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Black, Asian and minority ethnic community is hurt the most by austerity and hostility

Black, Asian and minority ethnic community is hurt the most by austerity and hostility

The lead-up and aftermath of the British EU Referendum in 2016 has helped exacerbate problems with race across the UK.

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A recent investigation by the UN Human Rights Council has found that a combination of leftover hostile immigration policies and Brexit spending has hit the BAME community harder than most. How will a no-deal Brexit affect this?

The lead-up and aftermath of the British EU Referendum in 2016 has helped exacerbate problems with race across the UK. The Leave campaign preyed upon and whipped up xenophobia by falsely suggesting Turkey was on the immediate verge of joining the EU, suggesting a reason to vote to leave was to stop 100 million Turkish Muslims from freely entering the UK. The refugee crisis has also added to this climate of hostility to migrants and general non-white groups.

“(Ethnic-minorities in Britain) are more vulnerable to racial discrimination and intolerance”

Professor Tendayi Achiume, the UN’s special rapporteur on contemporary racism, said this environment has made ethnic minorities more ‘vulnerable to racial discrimination and intolerance’.

The Windrush scandal saw hundreds of Windrush-generation black British citizens, many whom had lived and worked in the UK for decades, being harassed and deported after their paperwork had been lost and destroyed by the Home Office. The Grenfell tower fire ravaged a community that was largely BAME (black, Asian and minority ethnic), many seeing it as a prime example that the government does not value the lives of poor, non-white members of the British community.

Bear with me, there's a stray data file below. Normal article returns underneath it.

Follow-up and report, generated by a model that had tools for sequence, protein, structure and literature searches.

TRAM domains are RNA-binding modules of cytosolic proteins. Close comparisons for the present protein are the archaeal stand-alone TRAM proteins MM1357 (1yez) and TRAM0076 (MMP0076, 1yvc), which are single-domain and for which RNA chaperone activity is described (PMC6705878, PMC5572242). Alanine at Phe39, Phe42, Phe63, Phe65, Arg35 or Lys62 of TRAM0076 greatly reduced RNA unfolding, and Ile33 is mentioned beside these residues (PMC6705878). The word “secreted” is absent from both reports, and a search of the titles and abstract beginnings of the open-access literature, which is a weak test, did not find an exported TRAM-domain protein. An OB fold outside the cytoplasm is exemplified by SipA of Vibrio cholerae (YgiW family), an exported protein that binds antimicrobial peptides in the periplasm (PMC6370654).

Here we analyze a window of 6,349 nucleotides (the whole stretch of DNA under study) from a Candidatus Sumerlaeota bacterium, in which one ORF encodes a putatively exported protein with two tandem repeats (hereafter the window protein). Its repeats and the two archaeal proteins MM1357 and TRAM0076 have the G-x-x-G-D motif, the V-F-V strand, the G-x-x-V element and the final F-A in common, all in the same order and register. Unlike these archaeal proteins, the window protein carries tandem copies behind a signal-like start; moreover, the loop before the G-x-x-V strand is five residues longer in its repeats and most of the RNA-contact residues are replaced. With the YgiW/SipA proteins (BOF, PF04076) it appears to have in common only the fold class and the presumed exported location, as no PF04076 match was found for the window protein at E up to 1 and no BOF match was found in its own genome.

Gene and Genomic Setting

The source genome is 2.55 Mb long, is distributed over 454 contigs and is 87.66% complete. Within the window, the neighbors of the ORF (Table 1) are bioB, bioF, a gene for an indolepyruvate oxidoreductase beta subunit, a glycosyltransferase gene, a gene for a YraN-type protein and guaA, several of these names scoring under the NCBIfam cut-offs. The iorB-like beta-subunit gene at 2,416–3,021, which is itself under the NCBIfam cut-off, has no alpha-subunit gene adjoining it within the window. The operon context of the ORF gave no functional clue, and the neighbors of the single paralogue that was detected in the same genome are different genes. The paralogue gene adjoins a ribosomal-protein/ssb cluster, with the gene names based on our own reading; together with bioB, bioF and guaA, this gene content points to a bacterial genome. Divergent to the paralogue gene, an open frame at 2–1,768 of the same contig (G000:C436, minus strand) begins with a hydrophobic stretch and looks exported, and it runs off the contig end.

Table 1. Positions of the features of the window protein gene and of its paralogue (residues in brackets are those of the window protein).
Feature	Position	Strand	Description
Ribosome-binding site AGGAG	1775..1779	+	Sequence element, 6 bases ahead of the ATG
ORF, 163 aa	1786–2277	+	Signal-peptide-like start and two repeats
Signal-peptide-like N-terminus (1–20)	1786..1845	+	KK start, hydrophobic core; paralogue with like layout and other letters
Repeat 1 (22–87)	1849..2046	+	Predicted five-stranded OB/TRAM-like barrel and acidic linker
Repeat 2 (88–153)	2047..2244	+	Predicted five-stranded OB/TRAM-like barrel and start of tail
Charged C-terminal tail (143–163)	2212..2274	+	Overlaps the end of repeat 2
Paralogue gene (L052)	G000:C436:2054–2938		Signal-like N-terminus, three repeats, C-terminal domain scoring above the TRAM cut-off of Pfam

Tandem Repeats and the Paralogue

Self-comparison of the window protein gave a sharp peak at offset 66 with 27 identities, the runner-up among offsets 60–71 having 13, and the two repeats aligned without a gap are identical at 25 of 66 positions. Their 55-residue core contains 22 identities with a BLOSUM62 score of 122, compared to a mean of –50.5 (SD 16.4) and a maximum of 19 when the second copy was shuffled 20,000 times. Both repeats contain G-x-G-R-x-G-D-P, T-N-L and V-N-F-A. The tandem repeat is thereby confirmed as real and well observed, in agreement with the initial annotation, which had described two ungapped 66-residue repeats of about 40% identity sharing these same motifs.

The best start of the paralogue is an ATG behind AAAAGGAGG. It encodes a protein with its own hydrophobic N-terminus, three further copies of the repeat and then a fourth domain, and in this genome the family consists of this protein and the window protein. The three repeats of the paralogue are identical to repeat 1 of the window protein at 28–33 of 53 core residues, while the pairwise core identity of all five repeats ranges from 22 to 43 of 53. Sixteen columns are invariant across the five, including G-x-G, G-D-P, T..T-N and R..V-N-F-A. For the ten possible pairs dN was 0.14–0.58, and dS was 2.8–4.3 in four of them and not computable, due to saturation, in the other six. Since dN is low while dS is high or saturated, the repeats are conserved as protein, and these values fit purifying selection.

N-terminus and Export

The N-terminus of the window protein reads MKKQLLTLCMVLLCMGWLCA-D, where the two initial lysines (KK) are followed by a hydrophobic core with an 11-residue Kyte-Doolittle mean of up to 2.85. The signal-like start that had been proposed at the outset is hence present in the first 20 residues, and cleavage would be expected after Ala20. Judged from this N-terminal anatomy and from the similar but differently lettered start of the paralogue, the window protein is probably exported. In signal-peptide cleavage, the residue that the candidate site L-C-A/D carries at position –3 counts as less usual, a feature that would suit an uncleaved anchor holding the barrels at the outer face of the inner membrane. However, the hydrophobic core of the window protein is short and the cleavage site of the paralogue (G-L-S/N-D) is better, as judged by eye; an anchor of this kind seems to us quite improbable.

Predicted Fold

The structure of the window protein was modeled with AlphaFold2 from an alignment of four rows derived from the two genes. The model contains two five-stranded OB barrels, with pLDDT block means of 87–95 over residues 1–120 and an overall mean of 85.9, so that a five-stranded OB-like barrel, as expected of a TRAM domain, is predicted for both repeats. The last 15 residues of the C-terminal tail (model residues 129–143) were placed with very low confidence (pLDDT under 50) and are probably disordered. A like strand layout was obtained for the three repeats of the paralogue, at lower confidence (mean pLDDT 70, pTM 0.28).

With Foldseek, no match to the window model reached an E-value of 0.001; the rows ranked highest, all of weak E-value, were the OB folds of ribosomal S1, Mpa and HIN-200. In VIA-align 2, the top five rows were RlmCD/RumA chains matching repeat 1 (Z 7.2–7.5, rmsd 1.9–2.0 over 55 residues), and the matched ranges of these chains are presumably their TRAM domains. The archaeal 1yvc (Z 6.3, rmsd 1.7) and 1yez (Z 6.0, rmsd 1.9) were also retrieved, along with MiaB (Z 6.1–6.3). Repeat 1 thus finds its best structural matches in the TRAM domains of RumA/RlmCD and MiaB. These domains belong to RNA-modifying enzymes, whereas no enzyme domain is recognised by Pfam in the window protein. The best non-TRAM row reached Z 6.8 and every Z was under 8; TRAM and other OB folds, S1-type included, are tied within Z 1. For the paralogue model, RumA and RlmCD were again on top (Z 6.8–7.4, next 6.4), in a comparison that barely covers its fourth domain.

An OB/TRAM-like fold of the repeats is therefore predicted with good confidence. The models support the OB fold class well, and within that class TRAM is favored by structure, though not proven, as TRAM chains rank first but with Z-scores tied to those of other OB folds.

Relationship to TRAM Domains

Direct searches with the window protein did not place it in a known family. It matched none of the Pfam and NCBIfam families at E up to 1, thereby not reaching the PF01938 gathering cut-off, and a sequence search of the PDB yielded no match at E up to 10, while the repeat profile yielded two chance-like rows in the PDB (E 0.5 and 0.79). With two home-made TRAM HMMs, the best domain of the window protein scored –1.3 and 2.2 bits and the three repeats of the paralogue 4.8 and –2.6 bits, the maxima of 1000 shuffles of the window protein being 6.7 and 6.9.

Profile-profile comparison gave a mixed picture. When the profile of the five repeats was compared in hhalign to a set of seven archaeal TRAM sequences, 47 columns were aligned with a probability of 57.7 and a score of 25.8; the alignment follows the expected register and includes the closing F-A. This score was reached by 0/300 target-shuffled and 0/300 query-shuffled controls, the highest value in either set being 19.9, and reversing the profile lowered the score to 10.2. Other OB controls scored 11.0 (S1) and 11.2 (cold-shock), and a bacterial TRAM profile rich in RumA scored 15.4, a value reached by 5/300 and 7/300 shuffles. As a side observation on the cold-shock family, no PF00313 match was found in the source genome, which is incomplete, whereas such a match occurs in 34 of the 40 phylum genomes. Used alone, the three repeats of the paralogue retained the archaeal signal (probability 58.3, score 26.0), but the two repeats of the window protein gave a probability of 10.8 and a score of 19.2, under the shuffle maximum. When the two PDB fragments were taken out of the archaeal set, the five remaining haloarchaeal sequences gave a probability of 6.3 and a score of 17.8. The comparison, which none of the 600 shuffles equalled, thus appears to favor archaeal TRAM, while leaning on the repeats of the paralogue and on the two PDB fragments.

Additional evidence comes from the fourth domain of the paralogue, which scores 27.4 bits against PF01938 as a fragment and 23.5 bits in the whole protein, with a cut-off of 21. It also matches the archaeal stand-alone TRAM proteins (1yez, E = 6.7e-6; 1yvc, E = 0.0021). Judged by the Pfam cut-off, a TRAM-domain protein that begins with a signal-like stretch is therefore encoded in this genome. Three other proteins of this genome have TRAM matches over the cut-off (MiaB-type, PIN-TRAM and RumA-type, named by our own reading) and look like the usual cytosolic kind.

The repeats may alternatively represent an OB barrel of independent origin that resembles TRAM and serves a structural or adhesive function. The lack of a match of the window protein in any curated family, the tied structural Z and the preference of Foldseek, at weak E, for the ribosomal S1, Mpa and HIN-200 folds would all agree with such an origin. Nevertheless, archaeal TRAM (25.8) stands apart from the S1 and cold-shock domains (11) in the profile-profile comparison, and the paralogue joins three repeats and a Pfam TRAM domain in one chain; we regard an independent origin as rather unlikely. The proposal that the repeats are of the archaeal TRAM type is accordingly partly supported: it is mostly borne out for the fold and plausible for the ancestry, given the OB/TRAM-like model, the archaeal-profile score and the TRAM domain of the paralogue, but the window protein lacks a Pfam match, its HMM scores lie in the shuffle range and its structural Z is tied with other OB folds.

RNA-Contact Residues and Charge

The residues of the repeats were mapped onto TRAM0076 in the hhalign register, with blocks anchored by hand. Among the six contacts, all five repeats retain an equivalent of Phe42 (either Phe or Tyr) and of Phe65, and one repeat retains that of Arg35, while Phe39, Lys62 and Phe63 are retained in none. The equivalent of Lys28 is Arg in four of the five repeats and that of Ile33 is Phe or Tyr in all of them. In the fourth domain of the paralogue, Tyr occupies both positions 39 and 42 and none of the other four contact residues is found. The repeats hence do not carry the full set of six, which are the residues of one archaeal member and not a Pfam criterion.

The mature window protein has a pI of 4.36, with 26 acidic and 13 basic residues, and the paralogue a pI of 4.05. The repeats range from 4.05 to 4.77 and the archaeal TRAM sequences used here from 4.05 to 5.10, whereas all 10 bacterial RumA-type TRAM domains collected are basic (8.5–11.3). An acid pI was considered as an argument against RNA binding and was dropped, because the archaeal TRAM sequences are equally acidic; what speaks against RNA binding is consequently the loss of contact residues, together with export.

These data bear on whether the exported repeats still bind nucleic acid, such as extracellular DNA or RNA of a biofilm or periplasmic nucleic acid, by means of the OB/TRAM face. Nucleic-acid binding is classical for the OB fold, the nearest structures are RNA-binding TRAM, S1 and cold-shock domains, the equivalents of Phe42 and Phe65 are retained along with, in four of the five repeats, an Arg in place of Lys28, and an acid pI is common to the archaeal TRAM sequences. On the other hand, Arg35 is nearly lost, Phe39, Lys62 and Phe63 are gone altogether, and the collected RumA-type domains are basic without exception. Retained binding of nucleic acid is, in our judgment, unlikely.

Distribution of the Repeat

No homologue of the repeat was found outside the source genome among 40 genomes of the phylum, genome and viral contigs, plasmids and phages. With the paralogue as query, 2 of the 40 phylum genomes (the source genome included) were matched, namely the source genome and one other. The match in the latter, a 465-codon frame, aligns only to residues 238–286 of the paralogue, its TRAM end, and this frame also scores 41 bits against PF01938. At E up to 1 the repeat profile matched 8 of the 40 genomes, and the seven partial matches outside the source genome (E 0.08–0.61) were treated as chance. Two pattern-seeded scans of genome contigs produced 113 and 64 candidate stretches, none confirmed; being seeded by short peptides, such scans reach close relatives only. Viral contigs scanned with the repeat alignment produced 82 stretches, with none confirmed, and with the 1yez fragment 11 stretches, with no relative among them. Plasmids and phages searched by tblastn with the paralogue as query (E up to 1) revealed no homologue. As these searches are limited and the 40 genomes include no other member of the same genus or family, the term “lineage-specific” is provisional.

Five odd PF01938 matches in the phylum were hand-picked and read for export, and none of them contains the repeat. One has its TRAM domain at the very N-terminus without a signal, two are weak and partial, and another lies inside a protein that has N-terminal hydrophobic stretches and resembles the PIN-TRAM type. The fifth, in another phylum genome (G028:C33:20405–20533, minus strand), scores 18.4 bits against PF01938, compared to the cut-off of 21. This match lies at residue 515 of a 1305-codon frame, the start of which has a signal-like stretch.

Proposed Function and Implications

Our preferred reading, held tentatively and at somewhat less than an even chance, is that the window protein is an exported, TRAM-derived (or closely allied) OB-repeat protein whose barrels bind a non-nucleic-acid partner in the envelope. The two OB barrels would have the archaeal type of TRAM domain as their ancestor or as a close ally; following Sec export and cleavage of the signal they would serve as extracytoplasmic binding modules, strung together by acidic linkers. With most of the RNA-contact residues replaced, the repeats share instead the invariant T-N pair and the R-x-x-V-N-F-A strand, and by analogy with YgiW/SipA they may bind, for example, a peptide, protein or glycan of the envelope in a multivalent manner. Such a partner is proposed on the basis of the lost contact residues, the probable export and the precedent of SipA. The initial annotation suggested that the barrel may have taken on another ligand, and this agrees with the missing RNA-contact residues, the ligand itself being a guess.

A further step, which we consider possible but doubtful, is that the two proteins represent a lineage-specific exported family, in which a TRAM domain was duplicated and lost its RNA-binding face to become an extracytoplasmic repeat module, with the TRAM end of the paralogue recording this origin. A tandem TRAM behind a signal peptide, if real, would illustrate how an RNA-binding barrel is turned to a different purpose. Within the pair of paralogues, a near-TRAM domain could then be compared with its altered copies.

recent UN Report in May showed there is a disproportionate effect of austerity on the BAME community with Brexit threatening to make it worse.

The UN’s findings of contemporary forms of racism and xenophobia in the UK

On May 27th 2019 the UN Human Rights Council released a report summarising Achiume’s findings. It assessed the government’s efforts in eliminating racism, racial discrimination, xenophobia, and related intolerance from 30th April 2018 to 11th May 2018. It also investigated the presence of these issues across Britain’s public, private and political spheres. The report found that something which remained consistent was that persons belonging to racial and ethnic minorities have fewer opportunities in many areas of life.  This report was influenced by speaking with representatives from across the private and public spheres: from politicians to human rights councils and community groups.

” Racially and religiously motivated hate crimes increased by 29 percent and continued to increase a further 17 percent”

The findings of this report are not massively surprising in light of the ‘hostile environment’ policy to force illegal immigrants out of the country and deter more from journeying to the UK. The Windrush scandal is an example of this hostile environment. Brexit has added to a general hostility to BAME and migrant groups with hate crimes in England and Wales spiking following the EU Referendum. Between 2016 and 2017, racially and religiously motivated hate crimes increased by 29 percent and continued to increase a further 17 percent between 2017 and 2018.